Slowing the forward ground speed of the combine may further reduce Fusarium levels. This allows increased separation of the grain mass, giving the increased windblast time to separate the good kernels from the infected kernels. Consider adjusting the cleaning sieves (chaffer) to a more wide-open setting. This directs the air blast vertically, slowing rearward movement of the grain mass and aiding cleaning and separation. Use caution to keep heads and straw particles out of the grain sample if the chaffer is opened.

Unfortunately, there will be times that the grain cannot be raised to milling standards. If this occurs, consider storing as much of the damaged grain as possible. Often, as harvest finishes, the pressure eases on those involved in handling the crop. Marketers and millers are able to assess the markets that do exist and the best way to condition wheat to fit that market.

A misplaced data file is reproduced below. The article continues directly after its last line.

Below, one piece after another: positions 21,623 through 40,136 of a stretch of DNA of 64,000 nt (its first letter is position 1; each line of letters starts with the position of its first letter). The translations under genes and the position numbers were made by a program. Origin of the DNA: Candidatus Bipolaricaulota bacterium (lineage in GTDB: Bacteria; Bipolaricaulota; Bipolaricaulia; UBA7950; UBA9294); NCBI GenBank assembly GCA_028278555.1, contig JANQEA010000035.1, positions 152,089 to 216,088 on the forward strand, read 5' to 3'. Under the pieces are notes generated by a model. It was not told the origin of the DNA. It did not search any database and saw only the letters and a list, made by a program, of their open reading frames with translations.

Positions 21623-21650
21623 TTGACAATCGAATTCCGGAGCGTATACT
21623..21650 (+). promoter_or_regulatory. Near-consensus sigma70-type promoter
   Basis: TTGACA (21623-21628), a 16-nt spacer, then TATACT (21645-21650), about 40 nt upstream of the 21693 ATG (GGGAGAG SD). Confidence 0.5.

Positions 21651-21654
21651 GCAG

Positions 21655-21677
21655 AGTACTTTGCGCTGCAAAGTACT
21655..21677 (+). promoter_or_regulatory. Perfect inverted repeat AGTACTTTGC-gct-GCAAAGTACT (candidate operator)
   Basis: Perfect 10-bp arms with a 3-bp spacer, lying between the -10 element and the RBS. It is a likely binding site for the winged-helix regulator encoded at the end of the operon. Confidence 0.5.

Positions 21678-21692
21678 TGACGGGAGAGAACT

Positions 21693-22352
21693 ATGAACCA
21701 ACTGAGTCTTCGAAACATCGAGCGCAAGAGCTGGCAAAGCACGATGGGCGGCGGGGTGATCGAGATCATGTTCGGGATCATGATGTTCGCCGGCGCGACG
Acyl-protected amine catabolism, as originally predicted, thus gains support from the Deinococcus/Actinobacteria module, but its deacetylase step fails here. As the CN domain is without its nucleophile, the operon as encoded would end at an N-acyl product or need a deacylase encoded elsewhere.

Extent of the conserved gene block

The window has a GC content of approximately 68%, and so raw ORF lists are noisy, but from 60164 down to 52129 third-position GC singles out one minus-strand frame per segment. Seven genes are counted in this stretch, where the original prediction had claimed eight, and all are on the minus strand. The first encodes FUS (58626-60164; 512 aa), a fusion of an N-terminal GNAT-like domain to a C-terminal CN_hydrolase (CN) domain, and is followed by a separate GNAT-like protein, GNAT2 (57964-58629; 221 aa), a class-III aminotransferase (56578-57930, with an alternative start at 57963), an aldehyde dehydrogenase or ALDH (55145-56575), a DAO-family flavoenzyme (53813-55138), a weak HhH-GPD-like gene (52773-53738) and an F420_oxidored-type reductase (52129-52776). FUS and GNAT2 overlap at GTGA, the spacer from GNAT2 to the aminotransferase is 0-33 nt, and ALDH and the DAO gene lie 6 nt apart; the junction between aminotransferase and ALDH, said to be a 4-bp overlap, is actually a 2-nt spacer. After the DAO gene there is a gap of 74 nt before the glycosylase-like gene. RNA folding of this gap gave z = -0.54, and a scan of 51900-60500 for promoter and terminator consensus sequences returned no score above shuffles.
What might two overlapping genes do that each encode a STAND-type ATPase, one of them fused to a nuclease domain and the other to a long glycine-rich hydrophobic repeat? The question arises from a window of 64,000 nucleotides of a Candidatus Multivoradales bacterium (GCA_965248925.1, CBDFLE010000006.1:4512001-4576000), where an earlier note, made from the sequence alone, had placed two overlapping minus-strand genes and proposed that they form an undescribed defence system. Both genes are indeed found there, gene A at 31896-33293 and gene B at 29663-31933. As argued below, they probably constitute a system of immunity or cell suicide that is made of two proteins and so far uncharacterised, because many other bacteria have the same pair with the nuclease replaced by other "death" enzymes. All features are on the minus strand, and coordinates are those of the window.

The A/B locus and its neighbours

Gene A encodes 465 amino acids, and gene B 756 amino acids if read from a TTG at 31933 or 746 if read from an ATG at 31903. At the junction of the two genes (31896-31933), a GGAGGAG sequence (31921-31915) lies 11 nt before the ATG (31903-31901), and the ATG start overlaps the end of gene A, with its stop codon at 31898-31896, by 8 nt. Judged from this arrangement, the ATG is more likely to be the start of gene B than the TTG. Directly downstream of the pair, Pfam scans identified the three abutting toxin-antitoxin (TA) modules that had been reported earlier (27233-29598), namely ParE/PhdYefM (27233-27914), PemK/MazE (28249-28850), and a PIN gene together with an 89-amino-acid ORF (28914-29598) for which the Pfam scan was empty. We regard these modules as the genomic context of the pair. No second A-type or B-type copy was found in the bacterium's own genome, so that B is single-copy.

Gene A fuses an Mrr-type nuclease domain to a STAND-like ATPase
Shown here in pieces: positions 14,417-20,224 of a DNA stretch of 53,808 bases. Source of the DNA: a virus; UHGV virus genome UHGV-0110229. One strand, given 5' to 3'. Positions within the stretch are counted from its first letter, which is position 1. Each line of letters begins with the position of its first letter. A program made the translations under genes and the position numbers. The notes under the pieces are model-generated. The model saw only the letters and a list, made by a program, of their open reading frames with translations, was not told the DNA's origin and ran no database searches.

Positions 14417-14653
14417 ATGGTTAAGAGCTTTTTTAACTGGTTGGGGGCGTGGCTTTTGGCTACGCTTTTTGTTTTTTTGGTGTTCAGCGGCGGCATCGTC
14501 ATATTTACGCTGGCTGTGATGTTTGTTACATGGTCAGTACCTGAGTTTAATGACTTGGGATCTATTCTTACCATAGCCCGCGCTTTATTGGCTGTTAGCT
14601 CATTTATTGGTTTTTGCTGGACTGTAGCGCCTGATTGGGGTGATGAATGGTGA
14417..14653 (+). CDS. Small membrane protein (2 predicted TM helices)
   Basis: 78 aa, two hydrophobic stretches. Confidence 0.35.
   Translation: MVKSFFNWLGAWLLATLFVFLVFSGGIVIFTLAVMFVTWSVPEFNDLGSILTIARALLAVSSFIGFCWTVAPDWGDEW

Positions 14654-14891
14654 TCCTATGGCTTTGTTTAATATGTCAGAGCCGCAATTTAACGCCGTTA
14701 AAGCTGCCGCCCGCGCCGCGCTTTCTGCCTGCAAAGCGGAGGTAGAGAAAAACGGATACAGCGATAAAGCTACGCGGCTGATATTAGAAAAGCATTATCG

Remember that wheat going into storage must be dry (14% moisture or below). Damp wheat allows the Fusarium to continue to grow and produce toxins, further downgrading the crop. Check stored grain frequently to ensure that the grain stays in condition.

Lodged Grain Crops

There are several effective options for harvesting lodged grain crops.

Grain Lifters

Setting up a combine for lodged wheat takes extra time and care while in the field. Although flexible cutter bars on floating soybean heads are standard on combines today, consider using grain lifters, which lift the crop above the cutter bar. This is an inexpensive way of maximizing yields.

Knife Adjustment

On floating cutter bars, leave the knife tilted down and run the header in the float position as if harvesting a soybean crop. Take care not to feed rocks into the combine if choosing this option.

Reel Adjustment